Its the never-specified that gets me. Were I to go with a traditional Five Star Rating, I’ll have to go with a Four just because while I really liked it, I had no goddamn idea what was going on for the start of the book. It opens cold into this universe with no explanation and you have to scramble to fill the holes as you find them. I don’t mind scrambling if the story is good, its like a treasure hunt and the map unfurls oh-so very slowly.

Oh you terrible tease!

Once you settle in and come to terms that some things will not be explained, like most of the worlds and their cultures, you can focus on the characters, which are a delight. Gideon is a straight up Sassomancer and who doesn’t like some mouthy chick with a sword, amirite? Every house has a necromancer at the lead, and every one of those house scions has a dedicated sword master to serve them. Nice to see the Goth Kids in charge for once, even as there’s still the thug-protecting-the-scholar set up. This story centers around Gideon as the sword master (they call them cavaliers) to the Head of the Ninth House. Personality conflicts ensue.

I can only guess that there will be more explanation of WT Ever Living F (“ever living” ha ha, see what I did there?) is going on with this never ending necromantic war and why everything seems to be multiple millennia old and crumbling around them. Maybe how they got an Undying God Emperor, how you resurrect an entire solar system, and for what purpose? Where are all the regular people?

I guess this is more of my map slowly unfurling. There are four books in this run, the fourth not yet published. I only recently discovered there’s a couple Point(tm) in this series. And by Point I mean this new (and weird trend) to publish books slightly out of order and “to the side”. Example? Having just finished Book #1, I discovered there’s a Book #0.5 (which is NOT in my local library!). Book #1 was published in 2019, book #0.5 published in 2020. I suppose all the explanation I didn’t get in Gideon the Ninth was published in a later game supplement back up novel? There’s also a #2.5 novel which seemed to be published in correct order between #2 and #3. Does that mean I don’t have to read it to make the novel make sense? And if I do have to read it, why isn’t #2.5 just #3? I guess I’ll figure out when I get there.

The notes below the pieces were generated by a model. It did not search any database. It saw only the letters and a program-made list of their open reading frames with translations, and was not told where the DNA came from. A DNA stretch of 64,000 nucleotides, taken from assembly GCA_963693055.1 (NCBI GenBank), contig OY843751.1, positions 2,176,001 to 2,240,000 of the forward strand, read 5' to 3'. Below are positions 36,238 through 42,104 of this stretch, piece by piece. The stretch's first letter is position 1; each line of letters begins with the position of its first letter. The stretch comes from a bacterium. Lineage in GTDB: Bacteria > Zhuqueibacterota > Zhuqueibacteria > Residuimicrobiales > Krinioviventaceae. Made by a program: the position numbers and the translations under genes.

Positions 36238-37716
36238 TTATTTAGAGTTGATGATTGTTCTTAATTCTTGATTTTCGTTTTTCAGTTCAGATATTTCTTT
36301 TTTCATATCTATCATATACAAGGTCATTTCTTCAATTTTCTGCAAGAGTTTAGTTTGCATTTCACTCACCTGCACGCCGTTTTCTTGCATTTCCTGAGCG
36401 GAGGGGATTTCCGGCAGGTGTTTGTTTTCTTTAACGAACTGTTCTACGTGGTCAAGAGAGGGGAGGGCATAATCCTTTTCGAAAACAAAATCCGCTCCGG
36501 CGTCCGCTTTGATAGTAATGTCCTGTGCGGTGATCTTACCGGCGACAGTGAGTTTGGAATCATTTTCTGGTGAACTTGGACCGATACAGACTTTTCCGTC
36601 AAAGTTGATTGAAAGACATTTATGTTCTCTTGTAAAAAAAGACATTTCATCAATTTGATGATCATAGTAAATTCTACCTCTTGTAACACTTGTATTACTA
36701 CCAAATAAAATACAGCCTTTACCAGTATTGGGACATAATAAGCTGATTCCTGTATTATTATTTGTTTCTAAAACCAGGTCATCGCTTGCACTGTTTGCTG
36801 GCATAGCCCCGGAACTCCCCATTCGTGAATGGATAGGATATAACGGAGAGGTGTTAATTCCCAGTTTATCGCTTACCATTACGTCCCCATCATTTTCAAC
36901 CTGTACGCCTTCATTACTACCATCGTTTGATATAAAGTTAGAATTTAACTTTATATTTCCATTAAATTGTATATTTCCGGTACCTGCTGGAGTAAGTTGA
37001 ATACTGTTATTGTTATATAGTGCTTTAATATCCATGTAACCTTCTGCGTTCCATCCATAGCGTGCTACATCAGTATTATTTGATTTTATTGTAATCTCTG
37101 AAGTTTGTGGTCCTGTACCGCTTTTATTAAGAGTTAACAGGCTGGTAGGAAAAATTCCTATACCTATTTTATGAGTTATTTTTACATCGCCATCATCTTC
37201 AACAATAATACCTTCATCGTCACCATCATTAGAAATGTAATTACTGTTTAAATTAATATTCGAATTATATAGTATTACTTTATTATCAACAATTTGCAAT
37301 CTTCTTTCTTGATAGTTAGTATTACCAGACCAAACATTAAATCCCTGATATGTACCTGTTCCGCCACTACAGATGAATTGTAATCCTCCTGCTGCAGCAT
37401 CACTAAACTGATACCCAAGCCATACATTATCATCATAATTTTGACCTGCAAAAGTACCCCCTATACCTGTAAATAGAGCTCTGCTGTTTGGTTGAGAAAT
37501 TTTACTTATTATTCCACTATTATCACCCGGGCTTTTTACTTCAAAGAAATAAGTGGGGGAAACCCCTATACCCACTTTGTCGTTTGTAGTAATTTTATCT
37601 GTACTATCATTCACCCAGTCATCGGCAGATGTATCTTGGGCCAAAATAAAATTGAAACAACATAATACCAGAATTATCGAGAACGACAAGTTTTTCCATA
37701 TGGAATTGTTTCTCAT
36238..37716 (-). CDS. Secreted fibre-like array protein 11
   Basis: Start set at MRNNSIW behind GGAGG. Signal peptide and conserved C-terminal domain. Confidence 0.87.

I would like to know why this is now a thing in writing. It’s a bit aggravating.

But I digress again!

Some of it was way sciencey. I glossed over that a little bit, wanting to get back to the witty sassomancer and her necromancer. It gets a little deep with the science experiments and the alluding to previous studies. Like, the actual scientific theorems of various necromantic abilities. They put a way lot of thought into what Necromancers can/could do if given the ability to really stretch their magic class. A little hard science in your sci-fi-fantasy, I guess. Hey – DMs & STs – read these books and take some damn notes so your Necromancers can do more than just tag along behind the party to question the guy you accidentally killed.

This here book is getting Four Stars because I don’t have a witty rating for it that doesn’t somehow involve Bela Lugosi.

Shameless Promotion: Ridiculous edition

Its been a while since I’ve shared my oh-so important thoughts about anything, but you really need to see this.

That, my dear readers, is Duke Cannon’s Offensively Large Sunscreen Lip Balm. Don’t be surprised when I tell you…it is offensively big. I can’t tell if I feel like a tiny little child playing with mommy’s lipstick or if I mistakenly grabbed Delta’s glue stick. It does give good coverage. At a mild SPF 30, I feel like I could easily hit my cheekbones and nose in an extra swipe it’s so large.

Okay, backtrack a bit. I am not receiving any goods nor monetary inducement to give this review, just the hilarity in my black little heart.